- Optionally, but ideally, the GM interface should support Mac.
I briefly considered OpenRPG, another virtual tabletop platform that I had used before. I ruled it out, though, because at the time it would have imposed a heavy installation burden on my players. Not only do you have to install the program itself, but you have to first install Python, and then the Python bindings for the wx toolkit. While I'm a techie and wouldn't mind that, I felt it was too much for my very non-techie friends.
ScreenMonkey. ScreenMonkey seemed almost ideal. It supported programming custom commands. Players use a standard web-browser to connect, so there's no special client or installation concerns. And it offered a free trial. The only "problem" is that the GM program is windows only. I had recently installed a Windows partition on my Mac, though (in order to play the Star Trek Online MMORPG), so it wasn't a show-stopper.
I installed the trial, and had Pete see if he could connect. Everything went without a hitch, and we were set! We scheduled the first game and went off to prepare. Meanwhile, I installed some security software and bought a new wireless router. then when game night came, no one could connect. Oh no! I troubleshot for hours, but to no avail. the only thing I could figure was that the connection was being blocked, either by the firewall and/or by the router.
I eventually gave up and settled on good old-fashioned IRC. I selected the sorcery.net network because not only were they both gamer friendly and bot-friendly, but they also had a web-based IRC client that would allow Pete to log in without installing any special software. I downloaded rbot and wrote some custom scripts to support T&T's "DARO" saving rolls and spite damage rules. that's how we've been playing ever since.
Just last week when we sat down to play, rbot wouldn't launch. It looks like some dependency somewhere got changed, and that broke the whole thing. This distracted me during the game as I was multi-tasking the whole time, trying to fix the bot at the same time I was running the game.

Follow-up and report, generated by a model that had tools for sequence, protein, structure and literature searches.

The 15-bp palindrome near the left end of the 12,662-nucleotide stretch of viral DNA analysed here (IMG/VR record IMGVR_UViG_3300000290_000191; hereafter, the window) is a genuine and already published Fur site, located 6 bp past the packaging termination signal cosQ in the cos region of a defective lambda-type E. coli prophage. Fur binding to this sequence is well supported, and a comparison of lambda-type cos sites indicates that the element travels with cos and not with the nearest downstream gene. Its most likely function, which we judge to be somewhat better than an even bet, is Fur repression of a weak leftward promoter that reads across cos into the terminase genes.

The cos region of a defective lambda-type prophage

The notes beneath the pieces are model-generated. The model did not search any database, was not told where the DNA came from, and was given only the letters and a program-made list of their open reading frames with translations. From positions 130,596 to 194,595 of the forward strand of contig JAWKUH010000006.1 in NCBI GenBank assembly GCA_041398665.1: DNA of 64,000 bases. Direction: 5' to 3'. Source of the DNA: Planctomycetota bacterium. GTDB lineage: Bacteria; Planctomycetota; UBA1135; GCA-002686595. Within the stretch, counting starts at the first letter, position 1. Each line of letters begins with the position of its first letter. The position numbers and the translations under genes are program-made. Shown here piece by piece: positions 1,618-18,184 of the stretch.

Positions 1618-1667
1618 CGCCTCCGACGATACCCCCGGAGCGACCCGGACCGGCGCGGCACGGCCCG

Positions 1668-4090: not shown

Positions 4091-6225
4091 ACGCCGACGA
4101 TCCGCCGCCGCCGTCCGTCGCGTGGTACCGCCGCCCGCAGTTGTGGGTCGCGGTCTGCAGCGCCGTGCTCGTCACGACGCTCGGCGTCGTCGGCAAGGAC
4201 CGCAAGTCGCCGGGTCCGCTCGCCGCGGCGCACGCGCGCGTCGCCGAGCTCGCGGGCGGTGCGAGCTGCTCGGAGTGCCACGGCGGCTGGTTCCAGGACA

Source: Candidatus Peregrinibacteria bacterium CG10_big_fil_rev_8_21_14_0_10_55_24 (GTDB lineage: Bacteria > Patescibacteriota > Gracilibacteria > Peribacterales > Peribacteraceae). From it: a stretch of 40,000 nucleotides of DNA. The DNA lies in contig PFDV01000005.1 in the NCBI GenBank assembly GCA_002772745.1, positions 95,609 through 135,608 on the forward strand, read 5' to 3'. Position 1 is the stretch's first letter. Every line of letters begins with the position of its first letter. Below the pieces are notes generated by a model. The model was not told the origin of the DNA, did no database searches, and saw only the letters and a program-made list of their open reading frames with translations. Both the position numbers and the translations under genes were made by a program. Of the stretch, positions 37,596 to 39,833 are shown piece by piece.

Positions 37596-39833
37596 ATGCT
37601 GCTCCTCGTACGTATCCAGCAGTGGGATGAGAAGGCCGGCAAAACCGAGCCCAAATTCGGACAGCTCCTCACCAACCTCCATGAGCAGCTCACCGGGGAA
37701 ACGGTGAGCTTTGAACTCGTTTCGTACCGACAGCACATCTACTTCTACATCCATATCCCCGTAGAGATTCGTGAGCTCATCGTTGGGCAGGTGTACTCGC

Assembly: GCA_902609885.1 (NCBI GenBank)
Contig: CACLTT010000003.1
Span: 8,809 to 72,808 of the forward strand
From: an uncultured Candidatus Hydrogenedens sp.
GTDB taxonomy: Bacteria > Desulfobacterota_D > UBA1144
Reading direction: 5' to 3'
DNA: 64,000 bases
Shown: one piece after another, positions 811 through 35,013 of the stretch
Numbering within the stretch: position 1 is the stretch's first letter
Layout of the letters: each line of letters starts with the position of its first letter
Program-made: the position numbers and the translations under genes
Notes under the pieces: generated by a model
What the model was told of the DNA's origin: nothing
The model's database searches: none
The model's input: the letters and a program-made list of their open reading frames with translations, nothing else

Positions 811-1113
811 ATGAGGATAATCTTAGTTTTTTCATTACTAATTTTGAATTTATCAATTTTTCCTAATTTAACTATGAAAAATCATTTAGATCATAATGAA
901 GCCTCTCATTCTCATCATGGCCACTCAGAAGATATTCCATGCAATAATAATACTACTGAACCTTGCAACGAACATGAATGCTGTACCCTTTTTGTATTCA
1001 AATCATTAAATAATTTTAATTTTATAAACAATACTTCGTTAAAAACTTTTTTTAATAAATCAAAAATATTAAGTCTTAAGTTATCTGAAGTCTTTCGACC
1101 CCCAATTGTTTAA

Coincidentally, there was recently a firmware update to my router, so I decided to try ScreenMonkey again. Much to my pleasure, it worked! So I wrote a quick DARO script to get a hang of its scripting language (VBScript), and it looks like we have a new winner!
I've heard that both Skype and Google Hangouts have APIs that will allow me to add dice rolling. I think that might be my next project, as voice gaming should play faster than text based gaming.
Friday, June 29, 2012
The module was published by Judge's Guild (a favorite company of mine) for the Tunnels & Trolls rules system (another favorite of mine), but after reading through the module I have to say that, overall, it's pretty worthless. I was initially tempted to give some allowance for the age of the product, but then I noticed that it was published in 1982--that's a year after TSR published The Sinister Secret of Saltmarsh. I use Saltmarsh for comparison because it's the first module that I ever read, so I tend to compare everything against it. But, also, the places where Saltmarsh shine really illustrate the places where Rat on a Stick falls flat.
My first major complaint is the basic purpose of the adventure. In Rat on a Stick, the characters are pretty much just breaking into homes to kill the occupants and steal their stuff. Contrast that to Saltmarsh where the characters are called upon by frightened townfolk to investigate mysterious happenings, and along the way uncover a nefarious plot. In Saltmarsh the characters are heroes who save poor innocents from dark forces, while in Rat the characters are racially motivated murderers and thieves! (Lest I glorify Saltmarsh too much, I should point out that the nefarious plot that the players uncover is ... tax evasion! *gasp*)